Lack of new features makes Apple’s new model a let-down
Apple's 2011 Macbook Pro laptops retain the sleek, beautifully engineered aluminium bodies and excellent screens of their predecessors, but this new model leaves a lot to be desired.
In fact, little has actually changed – it looks the same as the previous model. The one we looked at is the 13in one with a 2.7GHz Core i7 processor and 4GB of memory, at almost £1,300 the second-cheapest in the range (a 13in model with a slower processor is £999).
This Macbook Pro model makes use of integrated graphics so there is no dedicated graphics card; instead the graphics are produced by the main processor. Though the Core i7 processor has dedicated graphics hardware it's still not as powerful as a separate graphics card. What would make this laptop faster and better is the inclusion of a dedicated card such as the ones on its more expensive siblings.
Performance was impressive, but for £1,300 (£50 more than before) we think it should be even faster.
Apple has a history of adding strange ports and sockets to its computers before they are found elsewhere. The new one here is called Thunderbolt and designed for high-speed data transfer. It's fast but few other products currently support it.
It uses the same socket on the new Macbook Pro as the Displayport connection for attaching a monitor, another Apple addition that's rarely seen elsewhere. Adapters are available to convert the socket for attaching a DVI or VGA screen.
On the same side of the case there are a Firewire socket, two USB 2 ports and an SD memory card slot. It's a shame the computer didn't come with the faster USB 3 sockets, and another strange omission is Blu-ray.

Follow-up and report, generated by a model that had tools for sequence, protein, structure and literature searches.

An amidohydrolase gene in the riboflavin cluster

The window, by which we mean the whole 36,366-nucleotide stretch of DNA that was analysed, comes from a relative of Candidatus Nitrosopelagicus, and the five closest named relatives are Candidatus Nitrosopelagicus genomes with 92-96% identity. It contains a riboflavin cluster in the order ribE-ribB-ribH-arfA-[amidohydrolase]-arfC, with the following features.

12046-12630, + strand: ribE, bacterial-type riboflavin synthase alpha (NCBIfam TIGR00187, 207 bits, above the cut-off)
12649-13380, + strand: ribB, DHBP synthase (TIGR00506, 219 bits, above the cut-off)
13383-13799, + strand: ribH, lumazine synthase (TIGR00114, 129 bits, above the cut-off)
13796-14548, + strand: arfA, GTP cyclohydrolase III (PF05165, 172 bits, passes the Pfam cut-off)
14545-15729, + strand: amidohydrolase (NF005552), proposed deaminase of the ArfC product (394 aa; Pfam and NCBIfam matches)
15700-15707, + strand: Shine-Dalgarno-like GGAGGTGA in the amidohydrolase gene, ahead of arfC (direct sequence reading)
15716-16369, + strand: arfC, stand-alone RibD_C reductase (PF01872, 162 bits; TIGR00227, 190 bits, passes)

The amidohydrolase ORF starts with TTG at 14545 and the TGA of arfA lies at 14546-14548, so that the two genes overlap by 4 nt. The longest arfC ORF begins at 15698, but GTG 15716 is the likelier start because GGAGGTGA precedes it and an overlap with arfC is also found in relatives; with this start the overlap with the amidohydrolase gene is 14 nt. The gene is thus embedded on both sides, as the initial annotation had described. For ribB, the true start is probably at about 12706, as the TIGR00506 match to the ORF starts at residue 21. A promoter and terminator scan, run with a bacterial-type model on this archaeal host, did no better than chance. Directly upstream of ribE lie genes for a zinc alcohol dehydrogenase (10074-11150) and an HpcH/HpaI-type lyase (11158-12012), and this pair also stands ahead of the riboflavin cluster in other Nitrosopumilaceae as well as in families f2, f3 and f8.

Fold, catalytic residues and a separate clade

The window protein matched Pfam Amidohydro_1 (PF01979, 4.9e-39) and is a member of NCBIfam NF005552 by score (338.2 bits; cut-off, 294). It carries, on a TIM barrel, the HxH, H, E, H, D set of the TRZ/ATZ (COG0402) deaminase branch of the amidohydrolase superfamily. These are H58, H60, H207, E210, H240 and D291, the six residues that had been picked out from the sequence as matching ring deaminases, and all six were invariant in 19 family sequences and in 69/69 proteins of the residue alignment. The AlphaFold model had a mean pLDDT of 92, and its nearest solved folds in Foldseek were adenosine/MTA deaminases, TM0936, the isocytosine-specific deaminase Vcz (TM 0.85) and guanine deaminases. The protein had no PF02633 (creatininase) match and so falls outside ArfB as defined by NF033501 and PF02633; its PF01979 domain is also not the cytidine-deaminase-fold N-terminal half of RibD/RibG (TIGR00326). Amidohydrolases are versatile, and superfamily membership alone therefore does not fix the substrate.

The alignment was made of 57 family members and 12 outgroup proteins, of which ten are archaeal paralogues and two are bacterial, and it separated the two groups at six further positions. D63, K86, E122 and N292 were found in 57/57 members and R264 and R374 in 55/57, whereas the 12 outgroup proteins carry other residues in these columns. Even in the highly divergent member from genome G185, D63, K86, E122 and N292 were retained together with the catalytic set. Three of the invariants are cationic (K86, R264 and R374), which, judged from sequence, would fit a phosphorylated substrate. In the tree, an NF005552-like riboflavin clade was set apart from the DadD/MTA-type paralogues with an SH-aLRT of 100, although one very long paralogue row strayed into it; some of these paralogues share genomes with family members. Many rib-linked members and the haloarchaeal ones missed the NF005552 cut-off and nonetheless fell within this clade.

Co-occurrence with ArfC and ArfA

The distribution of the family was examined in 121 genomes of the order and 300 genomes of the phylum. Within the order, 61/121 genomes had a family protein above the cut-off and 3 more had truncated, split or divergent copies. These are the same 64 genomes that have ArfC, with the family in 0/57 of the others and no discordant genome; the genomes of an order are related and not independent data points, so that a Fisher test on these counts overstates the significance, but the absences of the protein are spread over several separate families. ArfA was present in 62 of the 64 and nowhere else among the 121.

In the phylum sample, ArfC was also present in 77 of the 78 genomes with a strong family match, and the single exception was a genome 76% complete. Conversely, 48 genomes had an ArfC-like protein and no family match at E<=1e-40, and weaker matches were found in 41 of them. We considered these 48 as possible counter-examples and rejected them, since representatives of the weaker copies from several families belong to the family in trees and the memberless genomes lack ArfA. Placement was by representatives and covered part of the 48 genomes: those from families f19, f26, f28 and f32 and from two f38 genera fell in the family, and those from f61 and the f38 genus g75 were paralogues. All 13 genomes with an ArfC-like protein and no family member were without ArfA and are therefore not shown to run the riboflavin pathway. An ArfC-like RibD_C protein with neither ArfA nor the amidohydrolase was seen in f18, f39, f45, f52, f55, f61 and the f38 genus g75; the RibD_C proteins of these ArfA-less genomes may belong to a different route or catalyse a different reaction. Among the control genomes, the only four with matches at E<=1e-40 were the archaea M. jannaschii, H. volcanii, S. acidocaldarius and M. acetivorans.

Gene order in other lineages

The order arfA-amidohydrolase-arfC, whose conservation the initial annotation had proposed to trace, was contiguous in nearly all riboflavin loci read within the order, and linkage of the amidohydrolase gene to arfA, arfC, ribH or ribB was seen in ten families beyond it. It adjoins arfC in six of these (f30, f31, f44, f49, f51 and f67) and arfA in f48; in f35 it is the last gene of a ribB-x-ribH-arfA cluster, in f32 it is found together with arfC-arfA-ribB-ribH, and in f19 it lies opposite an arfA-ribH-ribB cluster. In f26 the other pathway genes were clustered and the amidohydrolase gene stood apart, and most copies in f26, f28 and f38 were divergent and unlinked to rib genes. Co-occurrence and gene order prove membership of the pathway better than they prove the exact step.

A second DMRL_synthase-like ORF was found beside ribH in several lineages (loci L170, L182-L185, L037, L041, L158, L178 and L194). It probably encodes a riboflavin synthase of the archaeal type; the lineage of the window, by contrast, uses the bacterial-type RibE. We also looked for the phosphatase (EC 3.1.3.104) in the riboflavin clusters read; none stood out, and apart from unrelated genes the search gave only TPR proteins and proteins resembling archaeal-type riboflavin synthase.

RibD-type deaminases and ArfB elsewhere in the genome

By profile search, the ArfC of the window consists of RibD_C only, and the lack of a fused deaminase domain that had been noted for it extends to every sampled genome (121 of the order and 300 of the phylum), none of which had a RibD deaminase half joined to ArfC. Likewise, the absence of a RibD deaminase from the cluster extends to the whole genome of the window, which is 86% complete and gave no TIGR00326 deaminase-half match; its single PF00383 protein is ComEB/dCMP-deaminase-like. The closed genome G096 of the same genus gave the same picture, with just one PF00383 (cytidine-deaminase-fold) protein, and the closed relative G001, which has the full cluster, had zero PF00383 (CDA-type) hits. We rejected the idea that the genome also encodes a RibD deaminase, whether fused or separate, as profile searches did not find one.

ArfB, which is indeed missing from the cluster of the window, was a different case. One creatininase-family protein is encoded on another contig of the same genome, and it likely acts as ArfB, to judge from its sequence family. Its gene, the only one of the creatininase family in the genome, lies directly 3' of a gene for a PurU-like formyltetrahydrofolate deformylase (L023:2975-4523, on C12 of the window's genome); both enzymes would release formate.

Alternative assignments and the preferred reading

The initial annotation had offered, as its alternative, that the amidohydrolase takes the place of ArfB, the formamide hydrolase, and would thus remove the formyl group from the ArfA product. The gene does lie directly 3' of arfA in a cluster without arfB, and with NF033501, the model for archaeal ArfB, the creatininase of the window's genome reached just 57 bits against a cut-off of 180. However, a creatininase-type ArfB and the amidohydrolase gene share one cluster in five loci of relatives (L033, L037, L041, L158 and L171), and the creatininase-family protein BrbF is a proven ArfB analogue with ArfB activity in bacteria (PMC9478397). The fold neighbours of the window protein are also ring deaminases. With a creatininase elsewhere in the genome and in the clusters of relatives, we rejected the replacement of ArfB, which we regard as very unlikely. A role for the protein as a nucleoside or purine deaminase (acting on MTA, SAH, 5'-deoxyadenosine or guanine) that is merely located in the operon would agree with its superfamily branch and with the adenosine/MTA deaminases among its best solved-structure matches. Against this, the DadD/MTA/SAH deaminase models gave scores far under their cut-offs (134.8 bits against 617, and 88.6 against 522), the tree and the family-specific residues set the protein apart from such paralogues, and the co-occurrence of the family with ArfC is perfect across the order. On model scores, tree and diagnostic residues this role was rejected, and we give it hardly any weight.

While Blu-ray drives, for storage and watching high-definition films, are becoming more common on Windows laptops, no Apple product has one, which is a shame given the high quality of this computer's screen. There is also a 500GB hard disk and a new high-definition webcam.
Like all Mac computers this one runs the Apple Mac OS operating system, not Microsoft's Windows. This means Windows programs won't work with it, but it comes with the excellent iLife software suite for editing photos, videos and music.
There is a lot to like about the Macbook Pro, such as the large and responsive glass touchpad that supports a range of gestures such as pinching to zoom and a three-finger swipe for navigating through web pages. The backlight of the keyboard changes depending on the light conditions of the room it's in, making typing in the dark much easier.
Our main problem with the Macbook Pro is something that commonly affects Apple products: it's very expensive. For £11 less than the Macbook Pro's price we found a 13in Sony Vaio S laptop with same processor, Windows 7, a larger hard disk, more memory, Blu-ray and a graphics card. A Vaio with a similar specification to the Macbook costs around £1,000. But of course neither include Mac OS or iLife, which accounts for a lot of the difference.
Our recommendation would be that the big screen of the 15in model makes it a better choice for films and games, while the cheaper, less-powerful 13in model is better for less power-hungry users. This model in-between is a bit of a disappointment.
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A disappointing ‘upgrade' with nothing really new, no Blu-ray and a high price
Great design; lovely trackpad; bright screen
Overpriced; underpowered; no Blu-ray
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